Later came the Sensium, a processor termed a "digital plaster" that could monitor vital health signs, the heart rate, respiration and temperature, of patients, then send that data to a nurses' station, cutting down on intervals between observations and aiding prioritisation of patients in hospital accident and emergency departments.

At around the same time, his son Marcus had renal failure at the age of nine. "For the first time I was on the receiving side of what medical technology was like, rather than being in a plush environment trying to develop all these super-duper widgets and gadgets and it really, really, frightened me," he said.

This experience led him to focus on technology that could detect hereditary diseases like that suffered by his son. While advancements in technology might not be able to prevent such a disease, it might help better manage the condition, he said. Describing his DNA analysis system as his "simplest invention but most significant", Toumazou said he focused on the fact that humans differed from other humans by 0.1%. That difference, he said, showed whether people could metabolise certain drugs properly and whether there were genetic conditions present that differed in any way.

His invention uses small silicon microchips which can identify genetic differences which dictate a person's inclination to hereditary diseases such as diabetes and how they will react to a drug like warfarin, which is used to treat blood clots. To use the "lab on a chip" system, a sample of saliva or a swab from inside the mouth is taken and put inside a container with the chip inside. The chip is then put inside a USB stick and plugged into a computer. The DNA results are returned within about 30 minutes, Toumaz said.

One of the main benefits is the speed of the information path, he said. In situations where a drug is needed to counter a hospital-based infection, the new technology can help determine which drug is needed in a short space of time cutting out the waiting and potential risk of fatality, he added.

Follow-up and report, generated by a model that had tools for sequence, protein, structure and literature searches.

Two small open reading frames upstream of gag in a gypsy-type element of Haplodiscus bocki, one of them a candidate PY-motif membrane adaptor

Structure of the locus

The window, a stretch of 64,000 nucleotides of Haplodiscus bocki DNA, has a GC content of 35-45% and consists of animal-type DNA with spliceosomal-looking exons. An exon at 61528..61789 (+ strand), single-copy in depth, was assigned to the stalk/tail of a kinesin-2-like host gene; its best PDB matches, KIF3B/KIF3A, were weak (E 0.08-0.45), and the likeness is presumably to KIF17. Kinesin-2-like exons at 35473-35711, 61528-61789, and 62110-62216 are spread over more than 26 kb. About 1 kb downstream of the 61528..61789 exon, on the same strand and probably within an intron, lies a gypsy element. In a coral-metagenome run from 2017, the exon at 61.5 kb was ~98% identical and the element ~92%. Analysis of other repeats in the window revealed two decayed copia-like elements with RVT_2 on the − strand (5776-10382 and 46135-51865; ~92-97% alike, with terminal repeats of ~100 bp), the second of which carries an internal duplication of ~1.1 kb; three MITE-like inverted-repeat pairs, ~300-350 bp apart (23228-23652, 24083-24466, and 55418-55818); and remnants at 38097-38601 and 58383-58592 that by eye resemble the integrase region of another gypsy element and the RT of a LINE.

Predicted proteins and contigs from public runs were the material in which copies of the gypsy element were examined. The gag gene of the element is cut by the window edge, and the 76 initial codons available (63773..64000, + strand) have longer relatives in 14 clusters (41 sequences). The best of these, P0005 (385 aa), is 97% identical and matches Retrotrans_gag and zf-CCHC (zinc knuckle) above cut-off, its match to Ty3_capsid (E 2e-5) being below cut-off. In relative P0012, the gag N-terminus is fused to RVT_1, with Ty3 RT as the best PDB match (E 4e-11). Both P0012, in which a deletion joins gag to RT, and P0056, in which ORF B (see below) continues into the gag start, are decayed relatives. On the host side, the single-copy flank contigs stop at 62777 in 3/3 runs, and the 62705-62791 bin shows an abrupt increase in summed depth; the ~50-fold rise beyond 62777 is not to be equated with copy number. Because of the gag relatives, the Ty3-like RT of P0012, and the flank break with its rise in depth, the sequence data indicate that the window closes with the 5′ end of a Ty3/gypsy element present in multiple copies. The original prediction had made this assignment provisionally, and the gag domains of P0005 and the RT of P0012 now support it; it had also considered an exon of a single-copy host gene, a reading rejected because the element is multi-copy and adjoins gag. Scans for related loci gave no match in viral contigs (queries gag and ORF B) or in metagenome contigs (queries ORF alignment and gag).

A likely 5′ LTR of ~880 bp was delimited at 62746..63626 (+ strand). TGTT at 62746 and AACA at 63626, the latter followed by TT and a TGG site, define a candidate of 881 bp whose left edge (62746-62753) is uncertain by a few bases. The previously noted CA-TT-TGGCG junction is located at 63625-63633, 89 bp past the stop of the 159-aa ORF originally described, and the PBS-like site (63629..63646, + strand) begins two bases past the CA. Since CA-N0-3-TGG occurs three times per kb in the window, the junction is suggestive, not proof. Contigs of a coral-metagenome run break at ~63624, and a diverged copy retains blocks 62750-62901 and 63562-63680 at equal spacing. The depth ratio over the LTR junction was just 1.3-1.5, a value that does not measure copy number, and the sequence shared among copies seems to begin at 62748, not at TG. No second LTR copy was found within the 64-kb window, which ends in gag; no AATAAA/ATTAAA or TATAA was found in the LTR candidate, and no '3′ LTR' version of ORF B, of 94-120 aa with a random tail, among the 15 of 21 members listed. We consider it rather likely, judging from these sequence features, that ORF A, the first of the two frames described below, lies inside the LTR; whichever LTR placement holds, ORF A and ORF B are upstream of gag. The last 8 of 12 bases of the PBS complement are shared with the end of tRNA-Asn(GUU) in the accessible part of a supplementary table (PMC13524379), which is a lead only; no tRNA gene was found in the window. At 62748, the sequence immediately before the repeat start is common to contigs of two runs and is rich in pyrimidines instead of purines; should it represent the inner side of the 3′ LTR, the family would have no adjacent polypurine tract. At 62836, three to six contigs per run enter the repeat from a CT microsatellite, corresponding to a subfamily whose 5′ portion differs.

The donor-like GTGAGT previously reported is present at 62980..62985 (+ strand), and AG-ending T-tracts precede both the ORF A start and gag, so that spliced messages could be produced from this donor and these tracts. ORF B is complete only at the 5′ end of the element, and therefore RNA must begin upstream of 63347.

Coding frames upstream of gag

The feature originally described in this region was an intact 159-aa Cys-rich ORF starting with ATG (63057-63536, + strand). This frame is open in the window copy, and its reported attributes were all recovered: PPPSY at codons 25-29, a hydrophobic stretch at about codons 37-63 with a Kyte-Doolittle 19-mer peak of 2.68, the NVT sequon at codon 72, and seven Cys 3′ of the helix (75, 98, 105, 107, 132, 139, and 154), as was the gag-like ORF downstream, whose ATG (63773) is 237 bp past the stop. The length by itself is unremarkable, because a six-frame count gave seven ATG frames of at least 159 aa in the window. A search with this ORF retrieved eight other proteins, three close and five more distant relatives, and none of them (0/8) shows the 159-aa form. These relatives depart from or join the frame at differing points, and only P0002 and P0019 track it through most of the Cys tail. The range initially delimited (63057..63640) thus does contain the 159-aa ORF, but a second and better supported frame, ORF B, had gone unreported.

The cost savings, compared with conventional DNA-sequencing machines, open up the possibility for using the technology in areas such as sub-Saharan Africa where clinics can be poorly equipped.

DNA Electronics, the company set up by Toumazou which develops the technology, licenses its patents to other companies, including Roche, Life Technologies, and the National Institute for Health Research of the NHS.

The technology has also been licensed to Geneu, a cosmetics firm with an office in New Bond Street, London, where bespoke products billed as anti-ageing are created based on DNA testing.

Toumazou said "real science" would achieve recognition in that industry where so much "placebo science" existed. "If it gets recognised it will help with my big picture of getting consumer acceptance. It takes the stigma away from it being a medial device - and then I can go back to the big picture." Captions: Chris Toumazou won a European inventor award for his handheld DNA and disease tester Photograph: (c) 2014 Guardian Newspapers Limited.